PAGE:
150 Years Ago: Huddersfield Chronicle (10/Jun/1865)

A selection of articles and news from the Huddersfield Chronicle from 150 years ago today.

You can download the whole issue as a PDF file (16.4MB).


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Poetry, Original and Selected

A BIRD’S NEST.

What architect, with well-matured plans,
Could vie with this attractive symmetry,
And raise so light a structure and so sure,
On slender beams that sway with every breeze ?
So snng and smooth is it within, that one
Inspires from it a deeper love of home,
And longs to share in all its perfectness.
Scarce one insinuating drop of rain
Can scare the simple life that breathes within ;
For overhead a canopy of leaves,
So carelessly disposed, yet each soft blade
Overlapping other, that a compact roof
Of velvet green secures from nature’s frown :
But not from ruthless hand of cruelty.
That with one grasp makes vain the work of days,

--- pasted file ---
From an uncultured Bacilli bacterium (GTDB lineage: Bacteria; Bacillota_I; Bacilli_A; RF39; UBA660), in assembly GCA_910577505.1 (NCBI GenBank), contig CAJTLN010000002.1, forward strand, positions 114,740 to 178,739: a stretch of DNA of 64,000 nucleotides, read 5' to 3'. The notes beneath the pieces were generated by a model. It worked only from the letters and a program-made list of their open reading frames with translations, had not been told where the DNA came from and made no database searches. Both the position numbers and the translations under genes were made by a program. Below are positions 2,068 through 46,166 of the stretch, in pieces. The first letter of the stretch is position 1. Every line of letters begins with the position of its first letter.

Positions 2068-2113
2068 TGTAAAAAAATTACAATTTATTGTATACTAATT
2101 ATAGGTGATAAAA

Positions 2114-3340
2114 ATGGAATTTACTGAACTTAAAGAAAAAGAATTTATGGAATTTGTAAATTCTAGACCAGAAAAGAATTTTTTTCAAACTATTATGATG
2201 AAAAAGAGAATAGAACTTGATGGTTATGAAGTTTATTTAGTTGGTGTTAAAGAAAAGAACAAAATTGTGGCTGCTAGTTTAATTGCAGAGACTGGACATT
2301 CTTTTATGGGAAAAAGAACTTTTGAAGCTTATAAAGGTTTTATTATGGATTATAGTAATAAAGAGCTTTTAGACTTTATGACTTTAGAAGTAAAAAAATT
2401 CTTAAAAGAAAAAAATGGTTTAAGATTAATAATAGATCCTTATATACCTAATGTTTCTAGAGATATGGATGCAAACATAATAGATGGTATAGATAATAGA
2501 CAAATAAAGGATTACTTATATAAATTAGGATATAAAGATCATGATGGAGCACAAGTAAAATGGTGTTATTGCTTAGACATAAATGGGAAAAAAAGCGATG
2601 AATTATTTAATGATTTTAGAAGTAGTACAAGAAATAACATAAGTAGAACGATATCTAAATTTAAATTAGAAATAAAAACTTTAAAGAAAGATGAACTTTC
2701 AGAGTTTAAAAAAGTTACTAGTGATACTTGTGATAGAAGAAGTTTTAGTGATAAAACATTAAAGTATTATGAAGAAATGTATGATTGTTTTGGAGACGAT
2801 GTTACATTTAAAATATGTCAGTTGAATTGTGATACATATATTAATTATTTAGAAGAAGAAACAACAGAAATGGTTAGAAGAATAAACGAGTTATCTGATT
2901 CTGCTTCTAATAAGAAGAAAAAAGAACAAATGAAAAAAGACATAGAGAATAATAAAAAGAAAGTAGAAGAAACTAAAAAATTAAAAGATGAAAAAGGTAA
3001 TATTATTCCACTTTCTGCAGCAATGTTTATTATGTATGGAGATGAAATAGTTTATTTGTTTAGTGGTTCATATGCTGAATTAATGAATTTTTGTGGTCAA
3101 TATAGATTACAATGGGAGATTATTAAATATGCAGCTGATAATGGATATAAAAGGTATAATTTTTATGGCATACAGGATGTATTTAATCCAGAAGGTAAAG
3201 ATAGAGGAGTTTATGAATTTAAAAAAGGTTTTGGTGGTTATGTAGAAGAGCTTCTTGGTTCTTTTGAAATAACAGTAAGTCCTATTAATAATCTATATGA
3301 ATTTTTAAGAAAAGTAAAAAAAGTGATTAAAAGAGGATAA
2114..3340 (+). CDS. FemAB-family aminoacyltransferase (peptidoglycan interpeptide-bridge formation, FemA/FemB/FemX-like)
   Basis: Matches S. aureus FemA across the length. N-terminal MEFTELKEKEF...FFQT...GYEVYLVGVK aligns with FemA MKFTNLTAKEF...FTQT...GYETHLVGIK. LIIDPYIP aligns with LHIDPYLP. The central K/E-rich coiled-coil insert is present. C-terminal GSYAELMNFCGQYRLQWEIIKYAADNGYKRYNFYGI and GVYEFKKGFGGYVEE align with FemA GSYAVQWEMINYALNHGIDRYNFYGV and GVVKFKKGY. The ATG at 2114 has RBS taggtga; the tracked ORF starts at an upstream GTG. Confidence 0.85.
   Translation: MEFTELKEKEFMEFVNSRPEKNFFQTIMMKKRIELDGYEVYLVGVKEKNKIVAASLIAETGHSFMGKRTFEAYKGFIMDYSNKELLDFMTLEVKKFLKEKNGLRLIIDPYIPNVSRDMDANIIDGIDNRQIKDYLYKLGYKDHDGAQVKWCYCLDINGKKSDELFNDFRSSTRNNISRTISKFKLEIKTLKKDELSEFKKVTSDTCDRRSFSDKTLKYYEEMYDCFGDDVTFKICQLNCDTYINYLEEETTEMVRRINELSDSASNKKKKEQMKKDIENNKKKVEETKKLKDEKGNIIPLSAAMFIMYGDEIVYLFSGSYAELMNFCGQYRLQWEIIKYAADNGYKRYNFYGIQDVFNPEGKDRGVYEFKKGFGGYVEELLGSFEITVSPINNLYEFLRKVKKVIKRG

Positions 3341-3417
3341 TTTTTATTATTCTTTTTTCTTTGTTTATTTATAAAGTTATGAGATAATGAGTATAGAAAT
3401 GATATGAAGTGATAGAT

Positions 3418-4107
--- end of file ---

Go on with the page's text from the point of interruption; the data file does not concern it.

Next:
Creates a song of woe where bright-eyed joy
Was budding into summer ecstacy.
Learn life’s economy, ye thriftless, here !
No sprig too sightless for an honoured place,
Or woolly fragment for the cushioned bed.
Art thou discouraged oft by adverse fate ?
Through what inclement days the parent bird
Piles up with care the units of its home !
Wilt thou less strong appear, when rest
Eternal interests in Stern Duty’s scale ?
Speckled, or white, or blue as southern skies,
Each egg brings newer grace to all within ;
So even holy thought thou utterest may
Within thy home lure tenderest hearts to bring
Such fresh’ning charms a world cannot supply.

— Henry Williamson, Huddersfield.1

Selections of Wit and Humour

He that is taught to live upon little, owes more to his father’s wisdom that he that has a great deal left him does to his father’s care.

Foreign Miscellany and Gossip

The American papers record the death of Old Hannibal, a travelling show elephant. He was 11ft. 8in. high, weighed 15,000lb, and was 66 years old. He consumed 300lb of hay, three bushels of oats, and 46 gallon of water daily. For 36 years he travelled 3,000 miles every year.

Sales by Private Contract

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Public Notices